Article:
The above photo is nothing special, except that it demonstrates the daylight flash function, the auto focus works (although this is not an action AF), and the lens does give good shallow DOF when required.

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35mm

A sudden yearning

Yashica T2 35mm compact camera. AgfaPhoto Vista Plus 200 film from Poundland. A bit of post scanned neg. post process on Gimp 2.8 software.

I have this sudden yearning to use a Yashica T series compact camera with a bit of colour film.  I did buy a Yashica T2 three years ago – and used it to take the above photo.  The camera that I bought though was sick.  After one test film, I put it back down.  Not long after, I discovered the 50p camera – my Olympus XA2, then moved onto home developed b/w film.

It has been said that a truly creative photographer can use any camera to make good photography.  However, gear is still important.  We do become attached to our cameras.  I’m interested in photographs that portray this, that show people with their cameras.  Are cameras like pets?  Do their owners resemble them?  I love seeing young film photographers on Flickr and Tumblr, flaunting their vintage cameras.  There is something personal about a camera.  It is not just about function.  If it is, then I suggest that you buy whatever the latest magazine bench mark tells you to, no doubt some Canikon DSLR.

Back in the 1980s and 1990s I couldn’t afford a “proper” camera.  No classic SLRs for me back then.  However, I did graduate from some pretty awful Polaroids, 126 Kodaks, and 110 pocket cameras to owning a series of 35mm compact cameras.  Autofocus and motor film wind were amongst the cool features of this breed.  Some of them, including the Yashica T series, even sported posh lens.  There were 35mm compact cameras, then there were 35mm compact cameras with Carl Zeiss.

As above.

I think my yearning now may be based on a nostalgia for those cameras.  I want to hear the motor winding the film on and then back.  I want to manipulate that auto focus.  I want to see if people on the street recognise that I’m using an artefact from 1980s culture, if they look around when they hear the motor.  Will young people wonder what that was?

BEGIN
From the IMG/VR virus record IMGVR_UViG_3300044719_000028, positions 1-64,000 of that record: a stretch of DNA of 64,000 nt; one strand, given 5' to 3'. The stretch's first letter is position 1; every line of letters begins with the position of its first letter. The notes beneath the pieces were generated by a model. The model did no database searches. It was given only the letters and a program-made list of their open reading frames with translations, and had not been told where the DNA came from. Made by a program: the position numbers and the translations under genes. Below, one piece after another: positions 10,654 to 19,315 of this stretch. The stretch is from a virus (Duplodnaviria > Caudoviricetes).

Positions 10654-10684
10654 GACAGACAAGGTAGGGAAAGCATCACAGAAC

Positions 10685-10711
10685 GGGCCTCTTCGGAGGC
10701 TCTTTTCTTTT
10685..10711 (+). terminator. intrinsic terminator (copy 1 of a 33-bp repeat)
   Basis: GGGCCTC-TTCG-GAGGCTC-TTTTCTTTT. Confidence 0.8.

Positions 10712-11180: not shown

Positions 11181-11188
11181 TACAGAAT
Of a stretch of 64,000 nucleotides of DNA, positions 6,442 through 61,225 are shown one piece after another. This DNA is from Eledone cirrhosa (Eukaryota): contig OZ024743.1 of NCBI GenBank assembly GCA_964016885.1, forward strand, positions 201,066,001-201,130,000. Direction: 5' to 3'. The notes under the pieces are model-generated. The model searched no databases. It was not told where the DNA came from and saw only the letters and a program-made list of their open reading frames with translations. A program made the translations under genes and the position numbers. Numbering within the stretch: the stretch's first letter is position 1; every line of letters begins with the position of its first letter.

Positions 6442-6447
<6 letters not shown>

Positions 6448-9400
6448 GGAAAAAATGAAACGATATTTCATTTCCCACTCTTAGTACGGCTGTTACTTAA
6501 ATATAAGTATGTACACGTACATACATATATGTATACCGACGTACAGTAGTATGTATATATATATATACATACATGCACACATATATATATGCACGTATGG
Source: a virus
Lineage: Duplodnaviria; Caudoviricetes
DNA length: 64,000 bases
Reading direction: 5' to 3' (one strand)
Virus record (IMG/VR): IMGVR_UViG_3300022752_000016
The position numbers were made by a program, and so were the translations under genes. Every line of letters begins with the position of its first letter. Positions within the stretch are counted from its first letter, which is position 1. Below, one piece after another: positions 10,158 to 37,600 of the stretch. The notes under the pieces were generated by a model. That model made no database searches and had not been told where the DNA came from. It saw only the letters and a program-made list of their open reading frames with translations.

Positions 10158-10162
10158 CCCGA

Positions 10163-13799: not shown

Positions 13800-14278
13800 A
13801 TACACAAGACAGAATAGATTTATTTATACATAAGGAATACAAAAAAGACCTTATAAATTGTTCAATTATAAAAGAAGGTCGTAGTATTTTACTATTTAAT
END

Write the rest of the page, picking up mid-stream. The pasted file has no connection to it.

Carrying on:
Yes, you’ve guessed it, a T2 is already on it’s way to me.  I’ve finally given up looking for one at the car boot sales.  I’ve even decided on the first test film – an unloved 35mm Kodak Color film sitting on a bedroom shelf, that was given to me.  Fingers crossed that this one isn’t sick.

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Film

Photography – my local, my style

The Time Traveller

The Empire Strikes Back

This follows on from my last post, in which I discuss Eric Kim’s excellent blog post: How to be Happy in All Circumstances in Photography.  Eric didn’t just discuss happiness in relationship to Gear constraints.  He also discusses happiness in photography, in relation to other constraints such as location and available time.

We don’t all live in a Mecca of Street Photography, such as New York.  I’ve been guilty of this one myself.  I live in the sticks, the provinces.  Crap end of the English Fens.  Not exactly urban decay.  And yet, what an idiot that makes me.  Who said that Street needs to be urban big-city?  When I open my eyes, I’m living on the edge of a small town that has clearly seen better, more lucrative times, when it was a port on the Wash.  In addition to the local decay, the town is full of local English characters, blending nicely next to crowds of recent immigrants from across the European Union.  I have tonnes of local material, who needs New York?  I can capture history, I can try to capture the feeling and atmosphere of small town provincial Eastern England.